Journal Article

Metabolic responses to iron deficiency in roots of Carrizo citrange [<i>Citrus sinensis</i> (L.) Osbeck. × <i>Poncirus trifoliata</i> (L.) Raf.]

Mary-Rus Martínez-Cuenca, Domingo J. Iglesias, Manuel Talón, Javier Abadía, Ana-Flor López-Millán, Eduardo Primo-Millo and Francisco Legaz

Edited by Torgny Näsholm

in Tree Physiology

Volume 33, issue 3, pages 320-329
Published in print March 2013 | ISSN: 0829-318X
Published online March 2013 | e-ISSN: 1758-4469 | DOI: http://dx.doi.org/10.1093/treephys/tpt011
Metabolic responses to iron deficiency in roots of Carrizo citrange [Citrus sinensis (L.) Osbeck. × Poncirus trifoliata (L.) Raf.]

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The effects of iron (Fe) deficiency on the low-molecular-weight organic acid (LMWOA) metabolism have been investigated in Carrizo citrange (CC) [Citrus sinensis (L.) Osb. × Poncirus trifoliata (L.) Raf.] roots. Major LMWOAs found in roots, xylem sap and root exudates were citrate and malate and their concentrations increased with Fe deficiency. The activities of several enzymes involved in the LMWOA metabolism were also assessed in roots. In the cytosolic fraction, the activities of malate dehydrogenase (cMDH) and phosphoenolpyruvate carboxylase (PEPC) enzymes were 132 and 100% higher in Fe-deficient conditions, whereas the activity of pyruvate kinase was 31% lower and the activity of malic enzyme (ME) did not change. In the mitochondrial fraction, the activities of fumarase, MDH and citrate synthase enzymes were 158, 117 and 53% higher, respectively, in Fe-deficient extracts when compared with Fe-sufficient controls, whereas no significant differences between treatments were found for aconitase (ACO) activity. The expression of their corresponding genes in roots of Fe-deficient plants was higher than that measured in Fe-sufficient controls, except for ACO and ME. Also, dicarboxylate–tricarboxylate carrier (DTC) expression was significantly increased in Fe-deficient roots. In conclusion, Fe deficiency in CC seedlings causes a reprogramming of the carbon metabolism that involves an increase of anaplerotic fixation of carbon via PEPC and MDH activities in the cytosol and a shift of the Krebs cycle in the mitochondria towards a non-cyclic mode, as previously described in herbaceous species. In this scheme, DTC could play an important role shuttling both malate and reducing equivalents between the cytosol and the mitochondria. As a result of this metabolic switch malate and citrate concentrations in roots, xylem sap and root exudates increase.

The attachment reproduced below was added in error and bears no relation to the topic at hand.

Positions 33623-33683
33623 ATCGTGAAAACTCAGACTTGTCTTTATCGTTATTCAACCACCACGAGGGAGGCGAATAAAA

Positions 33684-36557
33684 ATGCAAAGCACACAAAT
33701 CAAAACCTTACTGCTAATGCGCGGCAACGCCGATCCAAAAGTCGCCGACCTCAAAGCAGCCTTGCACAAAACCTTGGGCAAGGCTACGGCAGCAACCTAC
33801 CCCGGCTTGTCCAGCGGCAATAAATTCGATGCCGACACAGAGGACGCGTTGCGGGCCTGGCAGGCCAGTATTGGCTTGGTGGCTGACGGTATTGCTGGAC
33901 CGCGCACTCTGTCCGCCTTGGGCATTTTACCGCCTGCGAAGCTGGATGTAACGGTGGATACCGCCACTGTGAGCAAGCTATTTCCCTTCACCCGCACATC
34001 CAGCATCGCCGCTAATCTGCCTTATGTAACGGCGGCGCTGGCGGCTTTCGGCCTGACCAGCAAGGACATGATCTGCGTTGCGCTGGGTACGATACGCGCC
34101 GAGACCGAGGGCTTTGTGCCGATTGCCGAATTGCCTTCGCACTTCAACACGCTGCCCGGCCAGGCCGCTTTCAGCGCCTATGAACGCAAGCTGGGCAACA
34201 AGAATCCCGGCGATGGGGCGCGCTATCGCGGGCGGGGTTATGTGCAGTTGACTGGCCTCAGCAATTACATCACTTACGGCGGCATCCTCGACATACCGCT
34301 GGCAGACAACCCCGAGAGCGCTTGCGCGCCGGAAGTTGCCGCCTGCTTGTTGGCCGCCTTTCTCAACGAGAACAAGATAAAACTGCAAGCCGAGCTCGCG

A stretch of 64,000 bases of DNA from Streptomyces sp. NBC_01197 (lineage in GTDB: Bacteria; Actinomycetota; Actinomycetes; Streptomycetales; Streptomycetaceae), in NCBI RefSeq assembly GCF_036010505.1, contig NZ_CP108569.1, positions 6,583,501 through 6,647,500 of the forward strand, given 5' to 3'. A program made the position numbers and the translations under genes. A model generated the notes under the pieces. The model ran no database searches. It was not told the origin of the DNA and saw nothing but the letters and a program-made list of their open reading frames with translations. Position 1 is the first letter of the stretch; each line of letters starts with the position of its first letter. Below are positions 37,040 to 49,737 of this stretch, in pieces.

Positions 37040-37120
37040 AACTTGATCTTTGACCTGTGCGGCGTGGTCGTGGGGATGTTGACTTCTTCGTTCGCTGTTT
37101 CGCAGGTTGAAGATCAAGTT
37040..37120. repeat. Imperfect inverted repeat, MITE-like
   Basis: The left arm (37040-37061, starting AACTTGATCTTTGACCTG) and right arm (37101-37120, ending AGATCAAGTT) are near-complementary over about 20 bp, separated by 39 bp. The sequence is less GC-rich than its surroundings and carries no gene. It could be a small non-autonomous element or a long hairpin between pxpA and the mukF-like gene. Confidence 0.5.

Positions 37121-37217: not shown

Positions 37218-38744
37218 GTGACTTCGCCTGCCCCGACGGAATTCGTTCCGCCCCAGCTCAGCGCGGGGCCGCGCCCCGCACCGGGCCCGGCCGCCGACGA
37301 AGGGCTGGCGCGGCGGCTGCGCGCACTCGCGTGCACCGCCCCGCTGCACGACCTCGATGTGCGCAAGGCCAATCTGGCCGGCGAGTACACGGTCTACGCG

Keywords: citrate; Citrus; dicarboxylate–tricarboxylate carrier; malate; PEPC; TCA enzymes

Journal Article.  6050 words.  Illustrated.

Subjects: Plant Sciences and Forestry

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